Biomedical Engineering Reference
In-Depth Information
10.2.3 Direct Head Tracking
We have already discussed the advantages of direct head tracking for robotized
TMS ( Chap. 8 ) . However, the current three-dimensional (3D) range scanning
systems cannot be used for neuro-navigated or robotized TMS due to their inac-
curacy. Nevertheless, advanced high precision direct head tracking is a very
interesting and promising research field. 3D Depth Sensor
Recently, low budget 3D depth senors integrated, e.g., in Microsoft's Kinect
(Microsoft Corporation, Redmond, Washington, USA) and Asus' Xtion Pro
(ASUSTeK Computer Inc., Taipei, Taiwan) were introduced. With automatic
gesture detection and movement control, their major application is in the enter-
tainment sector and consumer electronics [ 10 ]. In analogy to 3D laser scanning
systems, these depth sensors also provide 3D scatter plots of the scanned surfaces.
The 3D depth sensor uses an infrared laser to measure the surface and a mono-
chrome image sensor detects the reflected incoming laser light. By estimation of
the angle and the time difference of the incoming laser light beam, a 3D position
can be computed.
Even though their resolution is limited in contrast to 3D laser scanning systems,
they provide real-time motion tracking [ 16 ]. Therefore, these systems might be an
alternative to costly 3D laser scanning systems. With further developments of high
resolution image sensors the resolution will increase in the near future. Therefore,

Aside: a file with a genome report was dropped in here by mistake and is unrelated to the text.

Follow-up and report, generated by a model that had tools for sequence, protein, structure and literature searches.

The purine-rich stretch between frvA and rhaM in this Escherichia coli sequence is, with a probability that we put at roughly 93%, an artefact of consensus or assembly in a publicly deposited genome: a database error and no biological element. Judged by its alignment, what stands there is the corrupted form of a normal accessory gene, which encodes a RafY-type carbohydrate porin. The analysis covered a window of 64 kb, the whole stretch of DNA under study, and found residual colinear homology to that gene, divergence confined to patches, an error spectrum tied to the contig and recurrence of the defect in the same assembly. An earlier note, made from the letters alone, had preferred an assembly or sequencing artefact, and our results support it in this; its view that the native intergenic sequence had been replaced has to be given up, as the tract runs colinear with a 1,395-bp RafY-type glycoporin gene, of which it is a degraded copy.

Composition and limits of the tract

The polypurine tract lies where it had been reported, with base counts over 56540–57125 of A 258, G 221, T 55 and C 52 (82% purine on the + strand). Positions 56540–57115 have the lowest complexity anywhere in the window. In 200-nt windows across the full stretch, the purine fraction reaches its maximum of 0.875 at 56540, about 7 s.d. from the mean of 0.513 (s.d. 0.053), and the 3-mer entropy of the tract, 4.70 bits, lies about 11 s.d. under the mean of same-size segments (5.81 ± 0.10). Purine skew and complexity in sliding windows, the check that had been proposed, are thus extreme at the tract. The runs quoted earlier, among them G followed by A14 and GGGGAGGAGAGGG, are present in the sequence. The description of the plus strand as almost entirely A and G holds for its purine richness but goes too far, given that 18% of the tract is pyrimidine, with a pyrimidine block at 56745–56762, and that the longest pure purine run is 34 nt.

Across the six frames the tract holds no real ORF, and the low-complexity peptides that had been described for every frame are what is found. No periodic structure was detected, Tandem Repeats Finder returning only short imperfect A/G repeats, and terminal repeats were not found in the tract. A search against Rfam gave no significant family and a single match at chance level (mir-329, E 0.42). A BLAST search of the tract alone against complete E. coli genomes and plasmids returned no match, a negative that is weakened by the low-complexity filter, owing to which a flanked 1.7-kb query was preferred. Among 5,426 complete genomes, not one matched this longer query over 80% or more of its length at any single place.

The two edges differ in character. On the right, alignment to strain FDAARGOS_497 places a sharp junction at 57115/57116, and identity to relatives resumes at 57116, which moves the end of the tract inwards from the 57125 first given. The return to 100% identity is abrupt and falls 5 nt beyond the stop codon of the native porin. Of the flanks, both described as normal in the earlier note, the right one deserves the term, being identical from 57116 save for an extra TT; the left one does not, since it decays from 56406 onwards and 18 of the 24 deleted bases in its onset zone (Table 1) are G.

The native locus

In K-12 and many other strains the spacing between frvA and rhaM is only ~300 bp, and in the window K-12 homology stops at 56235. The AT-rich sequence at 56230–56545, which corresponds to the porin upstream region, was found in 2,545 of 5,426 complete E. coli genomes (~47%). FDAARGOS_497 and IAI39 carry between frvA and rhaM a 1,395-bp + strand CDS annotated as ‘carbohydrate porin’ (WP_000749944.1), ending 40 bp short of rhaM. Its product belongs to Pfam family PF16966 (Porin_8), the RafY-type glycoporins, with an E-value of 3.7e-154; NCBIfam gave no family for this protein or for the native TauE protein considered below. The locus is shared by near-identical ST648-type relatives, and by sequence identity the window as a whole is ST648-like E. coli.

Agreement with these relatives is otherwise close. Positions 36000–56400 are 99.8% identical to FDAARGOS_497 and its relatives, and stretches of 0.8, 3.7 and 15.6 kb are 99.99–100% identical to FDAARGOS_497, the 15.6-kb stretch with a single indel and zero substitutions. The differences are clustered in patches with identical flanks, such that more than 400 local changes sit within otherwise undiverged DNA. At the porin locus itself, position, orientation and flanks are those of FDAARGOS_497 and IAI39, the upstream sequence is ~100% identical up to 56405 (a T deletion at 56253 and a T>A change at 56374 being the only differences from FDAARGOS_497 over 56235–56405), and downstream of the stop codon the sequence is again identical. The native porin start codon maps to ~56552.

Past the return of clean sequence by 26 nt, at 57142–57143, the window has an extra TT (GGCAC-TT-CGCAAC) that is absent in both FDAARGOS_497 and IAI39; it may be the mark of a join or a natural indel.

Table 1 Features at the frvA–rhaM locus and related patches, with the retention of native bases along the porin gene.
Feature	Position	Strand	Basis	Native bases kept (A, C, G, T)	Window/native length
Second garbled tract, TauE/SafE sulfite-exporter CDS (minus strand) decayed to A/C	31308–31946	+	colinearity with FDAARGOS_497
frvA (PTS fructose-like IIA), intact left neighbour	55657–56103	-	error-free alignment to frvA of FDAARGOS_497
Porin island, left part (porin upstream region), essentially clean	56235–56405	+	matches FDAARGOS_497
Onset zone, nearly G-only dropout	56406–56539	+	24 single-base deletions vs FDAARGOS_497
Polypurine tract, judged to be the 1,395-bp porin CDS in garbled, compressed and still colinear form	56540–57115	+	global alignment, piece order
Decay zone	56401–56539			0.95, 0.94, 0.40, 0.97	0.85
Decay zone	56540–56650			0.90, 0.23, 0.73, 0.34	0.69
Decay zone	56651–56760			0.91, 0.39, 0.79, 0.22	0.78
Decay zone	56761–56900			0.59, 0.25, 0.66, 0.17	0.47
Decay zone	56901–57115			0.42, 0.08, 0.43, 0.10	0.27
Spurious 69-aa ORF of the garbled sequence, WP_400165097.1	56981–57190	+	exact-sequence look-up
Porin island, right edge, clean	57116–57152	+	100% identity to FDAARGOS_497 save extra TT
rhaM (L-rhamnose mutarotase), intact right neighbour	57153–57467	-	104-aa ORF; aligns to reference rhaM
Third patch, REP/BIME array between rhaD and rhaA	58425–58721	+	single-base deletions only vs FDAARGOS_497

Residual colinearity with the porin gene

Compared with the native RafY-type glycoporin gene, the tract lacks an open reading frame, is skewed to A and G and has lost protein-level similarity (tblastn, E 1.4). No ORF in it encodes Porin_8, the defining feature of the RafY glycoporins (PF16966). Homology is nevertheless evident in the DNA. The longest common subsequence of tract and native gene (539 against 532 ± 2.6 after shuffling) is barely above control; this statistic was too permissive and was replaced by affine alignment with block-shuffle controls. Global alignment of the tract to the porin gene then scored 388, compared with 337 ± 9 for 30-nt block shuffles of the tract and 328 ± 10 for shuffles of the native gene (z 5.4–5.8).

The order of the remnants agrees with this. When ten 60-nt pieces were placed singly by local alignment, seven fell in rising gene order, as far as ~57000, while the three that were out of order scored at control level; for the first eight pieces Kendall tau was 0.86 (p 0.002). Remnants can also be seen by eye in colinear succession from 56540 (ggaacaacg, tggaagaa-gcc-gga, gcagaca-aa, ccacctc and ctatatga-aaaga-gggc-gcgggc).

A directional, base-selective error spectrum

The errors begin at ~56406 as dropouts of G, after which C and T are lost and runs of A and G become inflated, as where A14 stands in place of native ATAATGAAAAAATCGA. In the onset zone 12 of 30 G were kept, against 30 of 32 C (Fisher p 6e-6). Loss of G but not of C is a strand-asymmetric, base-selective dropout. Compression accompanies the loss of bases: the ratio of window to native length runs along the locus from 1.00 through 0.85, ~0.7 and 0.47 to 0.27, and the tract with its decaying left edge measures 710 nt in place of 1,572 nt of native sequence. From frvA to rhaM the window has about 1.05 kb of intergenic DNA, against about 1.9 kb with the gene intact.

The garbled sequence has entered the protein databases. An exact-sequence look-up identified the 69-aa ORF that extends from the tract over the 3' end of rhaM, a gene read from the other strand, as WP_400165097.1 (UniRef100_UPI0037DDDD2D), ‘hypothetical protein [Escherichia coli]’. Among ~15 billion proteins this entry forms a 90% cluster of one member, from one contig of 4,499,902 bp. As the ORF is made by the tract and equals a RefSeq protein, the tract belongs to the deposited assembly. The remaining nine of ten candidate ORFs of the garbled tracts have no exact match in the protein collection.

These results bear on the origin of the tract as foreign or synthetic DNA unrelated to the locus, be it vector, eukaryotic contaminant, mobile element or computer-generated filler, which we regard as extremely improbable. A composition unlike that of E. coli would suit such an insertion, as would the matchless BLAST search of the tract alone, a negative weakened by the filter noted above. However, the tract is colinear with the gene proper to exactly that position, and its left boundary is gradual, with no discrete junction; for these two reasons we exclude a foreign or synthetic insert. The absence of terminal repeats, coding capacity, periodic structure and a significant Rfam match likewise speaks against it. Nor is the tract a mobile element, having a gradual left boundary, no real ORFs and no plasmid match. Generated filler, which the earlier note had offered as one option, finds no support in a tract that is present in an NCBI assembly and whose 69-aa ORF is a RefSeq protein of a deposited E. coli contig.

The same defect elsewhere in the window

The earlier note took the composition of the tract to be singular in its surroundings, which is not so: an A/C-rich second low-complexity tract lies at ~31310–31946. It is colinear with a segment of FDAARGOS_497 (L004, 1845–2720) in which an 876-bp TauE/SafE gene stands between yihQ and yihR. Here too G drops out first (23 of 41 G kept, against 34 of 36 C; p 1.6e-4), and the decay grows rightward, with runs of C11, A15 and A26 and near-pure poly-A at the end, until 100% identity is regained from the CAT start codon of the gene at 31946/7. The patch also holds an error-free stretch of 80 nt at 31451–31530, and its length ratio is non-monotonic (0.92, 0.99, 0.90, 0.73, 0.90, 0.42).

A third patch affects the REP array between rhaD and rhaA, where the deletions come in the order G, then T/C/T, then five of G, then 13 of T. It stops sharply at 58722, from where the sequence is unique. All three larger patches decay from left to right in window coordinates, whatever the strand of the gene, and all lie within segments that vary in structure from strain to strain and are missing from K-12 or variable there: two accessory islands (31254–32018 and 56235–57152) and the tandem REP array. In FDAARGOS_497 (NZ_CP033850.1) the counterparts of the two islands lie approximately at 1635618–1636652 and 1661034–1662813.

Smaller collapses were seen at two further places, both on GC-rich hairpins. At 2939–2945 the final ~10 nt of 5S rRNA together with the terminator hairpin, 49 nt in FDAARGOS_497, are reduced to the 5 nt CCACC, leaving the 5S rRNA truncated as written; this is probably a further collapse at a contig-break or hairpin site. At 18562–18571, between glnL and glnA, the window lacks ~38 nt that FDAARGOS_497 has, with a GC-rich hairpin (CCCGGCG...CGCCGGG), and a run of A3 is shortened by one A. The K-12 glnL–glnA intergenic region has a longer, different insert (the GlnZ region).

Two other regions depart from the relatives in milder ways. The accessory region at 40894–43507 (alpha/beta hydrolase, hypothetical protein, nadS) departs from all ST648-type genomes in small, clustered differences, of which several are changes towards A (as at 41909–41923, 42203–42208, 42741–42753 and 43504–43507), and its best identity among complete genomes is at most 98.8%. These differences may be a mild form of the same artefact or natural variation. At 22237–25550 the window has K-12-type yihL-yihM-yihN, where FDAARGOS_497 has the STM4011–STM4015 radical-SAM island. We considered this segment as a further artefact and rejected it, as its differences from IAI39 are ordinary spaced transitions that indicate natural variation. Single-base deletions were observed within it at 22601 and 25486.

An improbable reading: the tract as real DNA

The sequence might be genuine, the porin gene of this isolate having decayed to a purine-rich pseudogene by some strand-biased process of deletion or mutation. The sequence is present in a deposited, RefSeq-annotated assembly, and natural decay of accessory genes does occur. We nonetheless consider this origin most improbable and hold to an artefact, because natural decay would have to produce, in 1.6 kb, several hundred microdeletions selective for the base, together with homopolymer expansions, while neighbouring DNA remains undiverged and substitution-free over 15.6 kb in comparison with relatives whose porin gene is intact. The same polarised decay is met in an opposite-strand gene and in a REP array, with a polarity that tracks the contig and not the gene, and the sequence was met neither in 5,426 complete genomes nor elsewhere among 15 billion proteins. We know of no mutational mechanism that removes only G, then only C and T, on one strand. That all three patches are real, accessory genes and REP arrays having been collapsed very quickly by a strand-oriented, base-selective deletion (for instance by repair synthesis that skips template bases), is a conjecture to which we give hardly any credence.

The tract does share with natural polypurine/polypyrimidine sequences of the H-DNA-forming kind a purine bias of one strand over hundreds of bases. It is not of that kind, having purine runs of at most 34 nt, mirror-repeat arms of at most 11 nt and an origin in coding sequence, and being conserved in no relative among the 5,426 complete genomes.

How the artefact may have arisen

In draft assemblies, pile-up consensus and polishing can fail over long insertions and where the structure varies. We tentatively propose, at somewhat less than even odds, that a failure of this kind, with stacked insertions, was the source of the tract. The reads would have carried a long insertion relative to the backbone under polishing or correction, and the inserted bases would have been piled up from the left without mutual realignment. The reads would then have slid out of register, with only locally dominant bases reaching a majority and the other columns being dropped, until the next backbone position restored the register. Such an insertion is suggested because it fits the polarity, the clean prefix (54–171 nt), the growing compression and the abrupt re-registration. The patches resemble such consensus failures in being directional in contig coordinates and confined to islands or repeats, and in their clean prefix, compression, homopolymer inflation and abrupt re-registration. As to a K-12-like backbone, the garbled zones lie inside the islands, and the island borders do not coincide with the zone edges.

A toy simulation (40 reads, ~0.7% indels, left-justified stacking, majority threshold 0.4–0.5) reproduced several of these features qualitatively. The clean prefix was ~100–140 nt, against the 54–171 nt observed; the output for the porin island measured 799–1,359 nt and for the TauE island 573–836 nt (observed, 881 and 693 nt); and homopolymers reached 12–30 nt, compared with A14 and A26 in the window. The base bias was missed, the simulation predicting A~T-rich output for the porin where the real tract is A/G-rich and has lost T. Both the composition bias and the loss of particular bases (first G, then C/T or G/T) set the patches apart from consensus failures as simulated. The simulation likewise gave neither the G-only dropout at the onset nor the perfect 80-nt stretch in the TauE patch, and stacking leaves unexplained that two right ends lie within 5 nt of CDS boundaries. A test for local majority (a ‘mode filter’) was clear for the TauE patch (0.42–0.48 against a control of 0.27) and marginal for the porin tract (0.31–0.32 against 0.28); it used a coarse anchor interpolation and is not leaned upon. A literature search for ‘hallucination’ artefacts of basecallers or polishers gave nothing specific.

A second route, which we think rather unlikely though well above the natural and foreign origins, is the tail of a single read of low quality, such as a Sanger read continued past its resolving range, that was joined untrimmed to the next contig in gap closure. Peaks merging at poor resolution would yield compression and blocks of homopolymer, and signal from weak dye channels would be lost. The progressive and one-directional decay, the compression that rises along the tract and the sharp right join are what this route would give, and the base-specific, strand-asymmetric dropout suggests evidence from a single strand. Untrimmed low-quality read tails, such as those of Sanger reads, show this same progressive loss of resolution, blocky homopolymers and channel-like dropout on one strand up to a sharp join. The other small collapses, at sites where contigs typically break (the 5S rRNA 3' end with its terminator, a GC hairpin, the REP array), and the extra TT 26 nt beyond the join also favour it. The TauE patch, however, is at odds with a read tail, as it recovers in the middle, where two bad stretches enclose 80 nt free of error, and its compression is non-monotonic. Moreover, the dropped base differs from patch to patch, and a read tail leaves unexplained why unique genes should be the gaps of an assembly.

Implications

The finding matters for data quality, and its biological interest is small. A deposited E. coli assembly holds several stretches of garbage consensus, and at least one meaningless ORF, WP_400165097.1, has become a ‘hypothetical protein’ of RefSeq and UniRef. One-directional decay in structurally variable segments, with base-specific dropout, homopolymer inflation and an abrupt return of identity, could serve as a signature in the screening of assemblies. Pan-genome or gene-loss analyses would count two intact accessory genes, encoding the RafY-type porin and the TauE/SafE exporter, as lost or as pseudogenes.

it might be reasonable to consider such a 3D depth sensor for direct head tracking.
As these systems are low priced, a redundant setup with multiple senors arranged
around the patient's head should be taken into account to increase the tracking
accuracy and stability. However, synchronization strategies must be considered as
multiple sensors might disturb one another due to the laser light reflections.
Figure 10.1 a shows a 3D scatter plot obtained with Microsoft's Kinect. The 3D
scan consists of roughly 9,500 surface points. However, in contrast to 3D laser
scanning systems (cf. Sect. 8.3 ) , the scan is relatively noisy. This can be clearly
seen, when reconstructing a head surface from the scan using the PowerCrust
algorithm [ 2 ], as illustrated in Fig. 10.1 b. However, by averaging throughout a set
of 3D scans, the noise might be reduced essentially. For head tracking, a point
registration algorithm, such as Iterative Closest Point (ICP), must be used
(cf. Sect. 8.3 ). These algorithms themselves compensate for the noise in the
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